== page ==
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Remarkable Men Lend Names to Courthouse

December 17, 2012

On the morning of December 17, GSA, elected officials, local leaders, and citizens commemorated the naming of the Ft. Pierce Courthouse in Florida for the distinguished jurist Alto Lee Adams, Sr. The event included the naming of the building’s atrium for former Mayor and civic leader, Dr. William R. Dannahower.

Judge Adams graduated from the University of Florida Law School in 1921 at 22 years of age. He served the legal profession for the next five decades as both lawyer and jurist. He passed away in 1988 at the age of 89 leaving a legacy of distinguished service as lawyer, judge, businessman, author, and civic leader. The Courthouse that now bears his name occupies a prominent place in downtown Ft. Pierce. Located on Highway 1, the multi-story glass lobby faces the city’s main thoroughfare. While other sites were considered, the partnership that developed between GSA, elected officials and city leaders saw this site as part of a larger vision of a renewed and rejuvenated downtown Ft. Pierce.

The realization of this dream is in no small measure the result of the tireless efforts of its former mayor, Dr. William R. Dannahower. After practicing dentistry for 32 years, he turned his attention to politics and community service. He was elected Mayor in 1965 and again in 1983, holding office for the next 12 years until this retirement in 1995. As far back as 1987, Mayor Dannahower rallied city leaders around the idea of having a federal courthouse in Ft. Pierce.

For Dr. Dannahower, leaving public office did not mean leaving public service. In 1995, he chaired a taskforce of political, business and civic leaders to pursue the city’s dream of building a new Courthouse for the citizens of Ft. Pierce. The naming of its Atrium in his honor is a fitting tribute to his determination and love of community.

The building is as remarkable as the men for which it’s named. The site is part and parcel of the city’s downtown renewal and provides a powerful visual connection to the coastal environment – the upper two floors provide a dramatic view of the Atlantic Ocean.  The Courthouse also has a powerful connection with the art and architecture of the region it serves. Reinforced masonry units, covered with stucco, celebrate the architectural traditions of South Florida and help to preserve the character and charm that earned downtown Ft. Pierce the Great American Main Street Award from the National Trust for Historic Preservation. In addition, locally manufactured construction materials improved the project’s environmental footprint while creating jobs for the local economy. The project received the LEED Gold certification from US Green Building Council and the 2012 Construction Management Project Achievement Award from the Construction Management Association America (CMAA).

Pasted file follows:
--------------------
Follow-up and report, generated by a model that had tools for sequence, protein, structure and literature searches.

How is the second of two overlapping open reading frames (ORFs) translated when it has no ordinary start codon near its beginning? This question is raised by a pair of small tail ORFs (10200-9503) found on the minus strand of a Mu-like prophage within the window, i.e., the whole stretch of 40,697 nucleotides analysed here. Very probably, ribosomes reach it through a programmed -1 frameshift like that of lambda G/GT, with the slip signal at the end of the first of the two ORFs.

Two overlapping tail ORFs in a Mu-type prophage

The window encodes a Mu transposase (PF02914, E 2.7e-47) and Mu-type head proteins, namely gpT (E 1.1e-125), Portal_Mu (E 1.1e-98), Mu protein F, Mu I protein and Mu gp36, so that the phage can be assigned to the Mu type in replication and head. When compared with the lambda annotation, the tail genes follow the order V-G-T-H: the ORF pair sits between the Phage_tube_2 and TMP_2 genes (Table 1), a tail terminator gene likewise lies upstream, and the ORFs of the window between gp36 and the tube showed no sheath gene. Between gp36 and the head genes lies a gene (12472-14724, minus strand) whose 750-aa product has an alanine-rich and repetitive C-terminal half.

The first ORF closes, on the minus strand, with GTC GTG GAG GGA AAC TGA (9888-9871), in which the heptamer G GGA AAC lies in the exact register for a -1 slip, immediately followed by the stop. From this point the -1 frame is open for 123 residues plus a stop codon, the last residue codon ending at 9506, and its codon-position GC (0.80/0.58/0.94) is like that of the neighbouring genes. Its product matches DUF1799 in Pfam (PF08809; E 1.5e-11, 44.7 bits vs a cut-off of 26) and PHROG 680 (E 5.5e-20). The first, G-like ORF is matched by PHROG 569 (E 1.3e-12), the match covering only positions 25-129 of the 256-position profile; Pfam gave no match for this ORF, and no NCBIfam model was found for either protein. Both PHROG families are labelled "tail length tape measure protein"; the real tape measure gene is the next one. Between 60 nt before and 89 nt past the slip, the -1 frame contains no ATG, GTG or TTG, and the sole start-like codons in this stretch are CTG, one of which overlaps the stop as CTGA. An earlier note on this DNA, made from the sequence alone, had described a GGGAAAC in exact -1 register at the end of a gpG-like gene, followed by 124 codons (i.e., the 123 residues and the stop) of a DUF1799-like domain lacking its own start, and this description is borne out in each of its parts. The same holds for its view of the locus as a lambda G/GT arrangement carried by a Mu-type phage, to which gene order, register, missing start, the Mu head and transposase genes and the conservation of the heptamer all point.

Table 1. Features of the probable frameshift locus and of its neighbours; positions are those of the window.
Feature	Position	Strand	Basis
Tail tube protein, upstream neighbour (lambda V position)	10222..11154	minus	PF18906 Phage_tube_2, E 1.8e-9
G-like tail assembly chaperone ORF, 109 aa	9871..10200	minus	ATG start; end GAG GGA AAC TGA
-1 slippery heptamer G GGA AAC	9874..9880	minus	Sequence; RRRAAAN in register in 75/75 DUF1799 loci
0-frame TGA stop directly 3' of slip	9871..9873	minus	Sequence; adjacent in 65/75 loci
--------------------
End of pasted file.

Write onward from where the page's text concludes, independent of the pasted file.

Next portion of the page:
The Dannahower Atrium features a 20 foot high by 10 foot wide canvas entitled Judicial Balance/Cultural Law that graces the North Wall; on the South Wall a similarly sized painting entitled Judicial Balance/Natural Justice overlooks the main lobby with visual access from numerous vantage points on the upper floors. 

Links for further information:

Treasure Coast Palm Article on Naming Ceremony (Dec. 17, 2012)

Award Article in Treasure Coast Palm (Nov. 19, 2012) (Fifth entry in list)

Full list of CMAA’s 2012 Project Achievement Awards

CONTACTS

Ismael Santana
(305) 536-4020

Gregory Andrews
(404) 562-0280


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